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Seniors who get remarried are often concerned about what will happen to their assets if their new spouse enters the nursing home in the future. They are concerned that their hard-earned assets they saved could be lost. They also want to make sure that when they die their assets will go to their children. Although the prenuptial agreement will protect the senior’s assets from claims of his surviving spouse when he dies, the prenuptial agreement does not protect his assets from his spouse’s nursing home expenses. Seniors who have entered into second marriages are often surprised to learn that the prenuptial agreement that specified that their spouse had no claim to their assets does not prevent Medicaid from counting the assets of the spouse at home in determining Medicaid eligibility.
Medicaid is the governmental program that pays nursing home costs when a senior runs out of assets. Until the nursing home resident has less than $2,000 of countable assets, he must pay his own nursing home costs. When countable assets are less than $2,000, Medicaid will begin paying the senior’s nursing home costs.
However, just because the nursing home spouse has less than $2,000 in assets does not necessarily mean that the nursing home spouse will be eligible for Medicaid. Instead, despite the prenuptial agreement, Medicaid looks at the assets of both spouses. The rules for determining Medicaid eligibility are exactly the same for couples with prenuptial agreements and those without them.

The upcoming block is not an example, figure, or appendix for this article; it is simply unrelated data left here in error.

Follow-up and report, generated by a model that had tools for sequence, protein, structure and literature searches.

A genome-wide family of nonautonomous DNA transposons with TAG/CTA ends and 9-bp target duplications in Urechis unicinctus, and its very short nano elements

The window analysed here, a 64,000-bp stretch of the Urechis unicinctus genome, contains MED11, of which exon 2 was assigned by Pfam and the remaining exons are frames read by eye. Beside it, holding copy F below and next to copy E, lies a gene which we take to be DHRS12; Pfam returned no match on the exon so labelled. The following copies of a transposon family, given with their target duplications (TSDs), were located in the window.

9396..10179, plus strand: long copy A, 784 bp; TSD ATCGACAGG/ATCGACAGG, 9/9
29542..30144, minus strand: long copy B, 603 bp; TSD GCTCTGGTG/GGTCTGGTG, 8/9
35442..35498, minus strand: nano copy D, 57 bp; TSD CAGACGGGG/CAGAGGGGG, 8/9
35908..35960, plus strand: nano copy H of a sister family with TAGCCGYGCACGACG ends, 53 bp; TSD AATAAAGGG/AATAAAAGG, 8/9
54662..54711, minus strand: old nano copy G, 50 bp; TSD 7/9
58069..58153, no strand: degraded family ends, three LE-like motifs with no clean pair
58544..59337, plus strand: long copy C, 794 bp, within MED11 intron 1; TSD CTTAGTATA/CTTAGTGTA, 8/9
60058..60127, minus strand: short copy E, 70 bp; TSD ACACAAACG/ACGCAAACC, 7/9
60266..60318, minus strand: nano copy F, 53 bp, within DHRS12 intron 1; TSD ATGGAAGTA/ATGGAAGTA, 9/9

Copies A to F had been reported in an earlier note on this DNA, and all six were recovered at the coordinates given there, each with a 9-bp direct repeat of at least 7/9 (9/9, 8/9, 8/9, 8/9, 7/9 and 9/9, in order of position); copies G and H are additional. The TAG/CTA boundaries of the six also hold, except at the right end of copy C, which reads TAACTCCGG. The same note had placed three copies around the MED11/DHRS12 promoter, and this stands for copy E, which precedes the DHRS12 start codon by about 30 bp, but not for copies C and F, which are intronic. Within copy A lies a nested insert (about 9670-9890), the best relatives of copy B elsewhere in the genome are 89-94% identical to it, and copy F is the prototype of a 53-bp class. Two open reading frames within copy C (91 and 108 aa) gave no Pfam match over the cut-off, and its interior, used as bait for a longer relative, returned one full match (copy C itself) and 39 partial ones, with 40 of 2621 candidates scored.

This does not mean that all assets of both spouses must be used up before Medicaid will begin paying nursing home costs. Congress passed “spousal impoverishment rules” to keep the spouse at home from having to be completely impoverished before Medicaid payments kick in.
Under these rules, the amount that the at-home spouse can keep is based on the resources that the couple has at the time one spouse enters an institution. Resources are counted (often referred to as a “snapshot” of resources) as of the date a senior first begins a period of continuous institutionalization. This can be when a senior enters a nursing home or when he first entered a hospital. So, if a spouse first enters a hospital prior to a nursing home, the snapshot is taken based on the date of admission to the hospital, not the nursing home. The spouse at home is permitted to keep half of the couple’s countable assets as of the snapshot date, up to $101,640; but the spouse in the nursing home is limited to $2,000 of countable assets.